It is not necessary to attempt to count its appearances on every aural medium in order to discern that Frédéric Chopin’s Nocturne in C minor (Opus 48, No. 1) has amassed a discography more extensive than that of almost any other piece in two-and-a-half centuries of piano literature. In the company of recordings by virtually every noteworthy pianist of the past hundred years, it is now tremendously difficult for any artist to bring originality to a recorded performance of the Nocturne without also approaching it with idiosyncrasy that is a disservice to both Chopin and the listener. Remarkably, Melnikov plays the Nocturne with an abiding sense of individuality that remains wholly faithful to the score. As in an aria by Bellini, whose work Chopin knew and admired, the melodic line is of paramount importance, and the pianist negotiates the interplay of the primary and secondary subjects, as well as the shift from Lento to Poco più lento, with resourcefulness that intensifies rather than diluting the composer’s distinctive expressivity.

Almost since the piece first appeared in print in 1854, Franz Liszt’s mammoth Piano Sonata in B minor (S.178) has confounded pianists, audiences, and musicologists. Essentially through-composed in the manner of an expansive, half-hour tone poem for solo piano, the Sonata’s construction has ignited debates about Liszt’s intentions, namely whether the piece was conceived as a single movement or should be viewed as a progression of interconnected movements played without pause. With his performance of the Sonata on this disc, Melnikov espouses neither theory, preferring to concentrate on surmounting the score’s many difficulties and allowing the listener to seek clues within the music.

The naturalness of the recorded sound is a great boon to Melnikov’s performance of the Liszt Sonata, enabling the listener to fully appreciate the contrasting delicacy and power of the pianist’s control of the clarion-toned Shigeru Kawai instrument at his disposal. The full emotional effect of the brief Lento assai introduction is realized in Melnikov’s performance, and the piano’s keys gallop beneath his fingers in his playing of the Sonata’s Allegro energico episode. The pomposity in this reading of the Grandioso section is Liszt’s, not Melnikov’s, and the conversational directness of the pianist’s reading of the Recitativo passages initiates a dialogue among the Sonata’s competing thematic fragments.

The pulse of bel canto beats unmistakably in this maneuvering of the Andante sostenuto heart of the Sonata, and the significance of the return to Allegro energico is spotlit by the drive with which it is accomplished. Melnikov observes Liszt’s cantando espressivo marking with sophistication matched by the zeal of his launching of the following Stretta quasi presto. The course from Presto to Prestissimo is traced with dynamism that lends the recurrence of the Andante sostenuto heightened psychological force. From this apex, the path to the Sonata’s resolution is carved through Allegro moderato and Lento assai terrain, and the descent is effectuated in this performance with athletic agility. The clarity of Melnikov’s navigation of Liszt’s contrapuntal writing reveals the composer’s prowess as a steward of long-established musical forms. It is not without justification that the Liszt Sonata is a piece that pianists add to their repertoires only after acute study. Melnikov’s study yields a rousing, revelatory account of the Sonata—rousing in its traversal of Liszt’s craggy musical topography and revelatory in its manifestation of its player’s abilities.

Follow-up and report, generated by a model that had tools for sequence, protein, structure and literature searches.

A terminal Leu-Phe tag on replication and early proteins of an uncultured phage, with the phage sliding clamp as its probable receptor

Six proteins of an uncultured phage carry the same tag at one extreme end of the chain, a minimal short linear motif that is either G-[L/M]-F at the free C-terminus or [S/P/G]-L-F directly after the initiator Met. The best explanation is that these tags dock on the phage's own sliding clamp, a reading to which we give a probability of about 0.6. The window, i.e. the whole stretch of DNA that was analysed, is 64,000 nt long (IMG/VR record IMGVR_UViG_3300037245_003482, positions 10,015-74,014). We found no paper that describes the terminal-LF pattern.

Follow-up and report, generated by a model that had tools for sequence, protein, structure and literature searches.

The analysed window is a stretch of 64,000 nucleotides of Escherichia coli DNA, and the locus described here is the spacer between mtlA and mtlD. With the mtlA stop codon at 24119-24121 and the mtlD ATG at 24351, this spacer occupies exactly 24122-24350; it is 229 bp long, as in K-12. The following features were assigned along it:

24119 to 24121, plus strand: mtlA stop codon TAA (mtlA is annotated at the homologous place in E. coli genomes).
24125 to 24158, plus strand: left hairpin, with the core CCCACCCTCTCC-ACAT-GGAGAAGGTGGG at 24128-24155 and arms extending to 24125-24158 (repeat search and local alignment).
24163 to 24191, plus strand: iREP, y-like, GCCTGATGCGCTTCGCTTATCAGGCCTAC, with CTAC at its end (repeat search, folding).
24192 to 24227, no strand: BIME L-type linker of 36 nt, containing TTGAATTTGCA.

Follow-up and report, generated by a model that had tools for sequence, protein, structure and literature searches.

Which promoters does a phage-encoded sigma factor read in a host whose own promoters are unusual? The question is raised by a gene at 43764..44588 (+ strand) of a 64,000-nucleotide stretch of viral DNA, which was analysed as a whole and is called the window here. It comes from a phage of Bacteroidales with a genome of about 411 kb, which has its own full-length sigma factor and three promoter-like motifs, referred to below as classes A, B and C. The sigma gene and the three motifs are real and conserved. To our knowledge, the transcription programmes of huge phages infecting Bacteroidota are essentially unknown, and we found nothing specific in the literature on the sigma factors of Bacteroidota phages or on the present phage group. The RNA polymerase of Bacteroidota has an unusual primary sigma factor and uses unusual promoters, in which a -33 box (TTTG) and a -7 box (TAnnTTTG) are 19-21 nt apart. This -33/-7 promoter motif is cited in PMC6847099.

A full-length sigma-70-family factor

Comparisons of one pianist’s performances with those of other pianists are often as pointless as they are inevitable, but they are sometimes useful in providing a benchmark against which a young artist’s work can be measured. In the context of Melnikov’s playing on this disc, the most apt comparison is with Edith Farnadi, whose interpretations of music by Beethoven, Chopin, and Liszt, exemplified by her 1954 Westminster recording of the Liszt Sonata, possessed an analogous balance between mood and momentum. At least since the 1960 release of Johnny Tillotson’s version of the pop song with the title, the notion of ‘poetry in motion’ has been a cliché, but it is an apposite description of Farnadi’s work. As he plays Beethoven’s Appassionata, one of Chopin’s most affecting Nocturnes, and Liszt’s B-minor Sonata on this disc, his commercial recording début, Alexei Melnikov’s artistry also embodies kinetic lyricism. Above all, the performances on this disc beget an enticing question: what comes next for this erudite pianist?

14 January 2018

RECORDING OF THE MONTH | January 2018: DEBUT – Music for Horn (Ben Goldscheider, horn; Daniel Hill, piano; Willowhayne Records WHR045CD)

RECORDING OF THE MONTH | January 2018: DEBUT - Music for Horn (Willowhayne Records WHR045CD)YORK BOWEN (1884 – 1961), VOLKER DAVID KIRCHNER (born 1942), NIKOLAUS VON KRUFFT (1779 – 1818), ESA-PEKKA SALONEN (born 1958), ROBERT SCHUMANN (1810 – 1856), and JÖRG WIDMANN (born 1973): Debut – Music for HornBen Goldscheider, horn; Daniel Hill, piano [Recorded in Turner Sims Concert Hall, Southampton, UK, 22 – 24 September 2017; Willowhayne Records WHR045CD; 1 CD, 74:36; Available from Willowhayne Records, Presto Classical (UK), and major music retailers]